rushes off to remove holiday stickers from all glass surfaces in house

  4. William the Coroner on

    Why do you put up with this? Are there any evidence-based reasons for this crap, or are they pulling these out of their asses? Does JCAHO blessing actually MEAN anything measureable in terms of patient outcomes? It may mean something for billing, but it sounds like you have a yes, yes, we follow the rules this one time, ignore them the rest of the time mental-masturbation fest. It only costs money, so why?

  5. I don’t mean to be a problem.

    Has the JCAHO thouht to swab the doctors (and nurses, support staff, and visitors) to see if there are bacteria on him, his hands, his ears, eyglasses, or ID badge?

  6. Yeah, I'm not leaving a name on

    Andrew, what’s even cooler than swabbing is the special lotions and sprays that cause germs to fluoresce under UV light. Someone might want to suggest to JCAHO that the doctors and nurses should be thoroughly sprayed down to expose their degree of germiness. If anyone involved in patient care shows up more than X% (X being the scientifically-determined threshold for dangerous uncleanliness) phosphorescent, the department gets dinged.

    What do you think?

  7. Hilarious!

    I don’t so much mind the running around and shoving stuff into closets for a couple days. What I hate is that we were on high alert, sure that JayCoh would be coming at any minute FOR EIGHT MONTHS!.

    Yeah, 8.

  8. The f*cks visited us in September – pure chaos and extra hours for all those involved (I felt terrible for the charge nurses).

    They had a problem with 2 pieces of paper taped on the wall **in the resident work area**, nowhere near patient areas: one was a map and the other was a list of stupidest AMOD calls ever — “patient sat on his balls, should I do anything about it?” and- even better – “patient is requesting silk sheets” [um, sorry, the last clean set is on the AMOD call bed]

    They have a problem with the bacteria on the window stickers? Ever think about our white coats???? You know — the ones we wear around nasty MRSA VRE Klebsiella Pseudomonas patients 24/7 for weeks to months?

  9. Pingback: A word of thanks to my hospitalist colleagues « Dr. Bobbs

  10. What about an entire ED hallway and nurse’s station decorated for Christmas? The ED did a terrific job with a new theme every year.

    Pesky decals! I will be on the alert now and avoid such decorative facilities. 🙂

  11. Only in America would we have an organization that requires the most assinine things, and then, when you fail their inspection, will SELL YOU the things you need to get in compliance with them. Seriously. It’s really bad.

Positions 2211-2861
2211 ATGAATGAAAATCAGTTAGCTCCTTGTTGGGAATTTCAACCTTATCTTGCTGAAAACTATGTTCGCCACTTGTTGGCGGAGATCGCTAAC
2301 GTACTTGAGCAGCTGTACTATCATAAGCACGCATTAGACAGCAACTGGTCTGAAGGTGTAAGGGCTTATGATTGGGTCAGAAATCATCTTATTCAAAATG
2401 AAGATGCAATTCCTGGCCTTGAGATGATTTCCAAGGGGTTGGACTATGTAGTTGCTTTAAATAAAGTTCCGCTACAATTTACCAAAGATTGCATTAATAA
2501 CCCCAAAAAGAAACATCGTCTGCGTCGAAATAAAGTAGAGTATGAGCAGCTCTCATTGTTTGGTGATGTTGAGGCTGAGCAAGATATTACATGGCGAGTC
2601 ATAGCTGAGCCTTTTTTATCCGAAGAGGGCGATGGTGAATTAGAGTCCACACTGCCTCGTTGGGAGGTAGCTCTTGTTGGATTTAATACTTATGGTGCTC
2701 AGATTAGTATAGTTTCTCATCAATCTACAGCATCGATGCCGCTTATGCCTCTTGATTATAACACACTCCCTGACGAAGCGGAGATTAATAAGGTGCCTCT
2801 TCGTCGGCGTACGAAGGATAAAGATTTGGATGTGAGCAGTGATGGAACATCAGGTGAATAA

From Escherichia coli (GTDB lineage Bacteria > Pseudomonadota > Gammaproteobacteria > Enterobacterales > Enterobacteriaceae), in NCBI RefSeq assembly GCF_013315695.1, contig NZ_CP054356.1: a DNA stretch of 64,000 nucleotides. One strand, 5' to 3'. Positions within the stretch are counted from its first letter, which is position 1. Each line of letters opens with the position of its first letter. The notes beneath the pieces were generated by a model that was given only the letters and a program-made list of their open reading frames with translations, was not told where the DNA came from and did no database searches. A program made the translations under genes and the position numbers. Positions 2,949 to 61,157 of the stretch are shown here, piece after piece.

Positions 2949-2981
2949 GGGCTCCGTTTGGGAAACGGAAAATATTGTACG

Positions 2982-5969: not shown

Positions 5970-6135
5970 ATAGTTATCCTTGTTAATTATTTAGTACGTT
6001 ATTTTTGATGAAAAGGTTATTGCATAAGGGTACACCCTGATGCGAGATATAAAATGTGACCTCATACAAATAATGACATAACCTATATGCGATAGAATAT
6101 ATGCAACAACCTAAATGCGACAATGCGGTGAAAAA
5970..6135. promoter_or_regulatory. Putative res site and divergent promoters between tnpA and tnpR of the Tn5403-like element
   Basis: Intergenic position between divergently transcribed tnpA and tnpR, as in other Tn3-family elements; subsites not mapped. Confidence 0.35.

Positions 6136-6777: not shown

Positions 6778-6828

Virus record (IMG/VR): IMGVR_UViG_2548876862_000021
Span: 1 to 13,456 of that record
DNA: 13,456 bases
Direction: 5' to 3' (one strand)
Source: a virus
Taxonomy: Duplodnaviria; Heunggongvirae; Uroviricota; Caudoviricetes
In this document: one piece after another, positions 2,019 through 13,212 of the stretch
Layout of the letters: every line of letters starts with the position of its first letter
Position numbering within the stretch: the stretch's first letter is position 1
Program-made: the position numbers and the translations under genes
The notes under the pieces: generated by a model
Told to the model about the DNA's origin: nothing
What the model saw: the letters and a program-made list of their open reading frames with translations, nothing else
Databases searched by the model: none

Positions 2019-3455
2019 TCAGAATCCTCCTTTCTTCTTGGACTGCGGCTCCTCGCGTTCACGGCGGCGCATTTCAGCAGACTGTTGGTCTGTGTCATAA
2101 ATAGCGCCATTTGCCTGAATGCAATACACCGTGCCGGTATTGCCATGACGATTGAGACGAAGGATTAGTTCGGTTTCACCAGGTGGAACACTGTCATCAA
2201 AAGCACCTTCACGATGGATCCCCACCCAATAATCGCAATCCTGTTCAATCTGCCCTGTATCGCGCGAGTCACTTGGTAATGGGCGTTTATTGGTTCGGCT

12. mottsapplesauce on

    Heaven forbid if someone should let out a fart near the trauma room. I guess it’s either you take down the decals or keep your ass cheeks taped together.

  13. So OBArmydoc: you wear the same white coat for weeks or months without washing it? And you feel qualified to complain about “stupid rules”? Health and Safety rules are made for people exactly like you, but you’re too smart for rules, right?

    I also have a problem with the blatant age discrimination in this rant. Older people and older doctors just can’t be as sharp as you, can they WhiteCoat? They MUST be stupid, because you just know so.

    The cites as reported here do seem silly, but something makes me think we may not have heard the whole story. You’ll have to pardon me if I just don’t buy the sarcastic version of the inspection given in this typical doc-rant more aptly titled “How stupid everyone else is, but how wonderfully smart I am”.

    Get over the age discrimination BS. I said that he looked old. I didn’t refuse him a job.
    That is the whole story, and even if it were not, give me any rational reason that plastic stickers on a glass window would EVER be a safety hazard.
    If people want to make inane statements that have no scientific basis and are intuitively suspect, then yes, I am smarter than them.
    And if you buy their silly safety arguments on their face, then you need to learn how to do some critical thinking.
    Maybe you and the old guy can publish a paper about the safety risks of static cling.

  14. instarx i hope you’re never hemmorhaging out of every orifice and being unattended because everybody is to busy locking up saline flushes, making sure things are more than 18 inches fron the ceiling, trying to remember one or their 500 passwords to get meds blah blah blah. as for your age discrimination innuendo, the point is you should be at least remotely qualified to do inspections….how would it be if 747s’ were being inspected by owners of single engine cessnas..come to think of it, they probably are…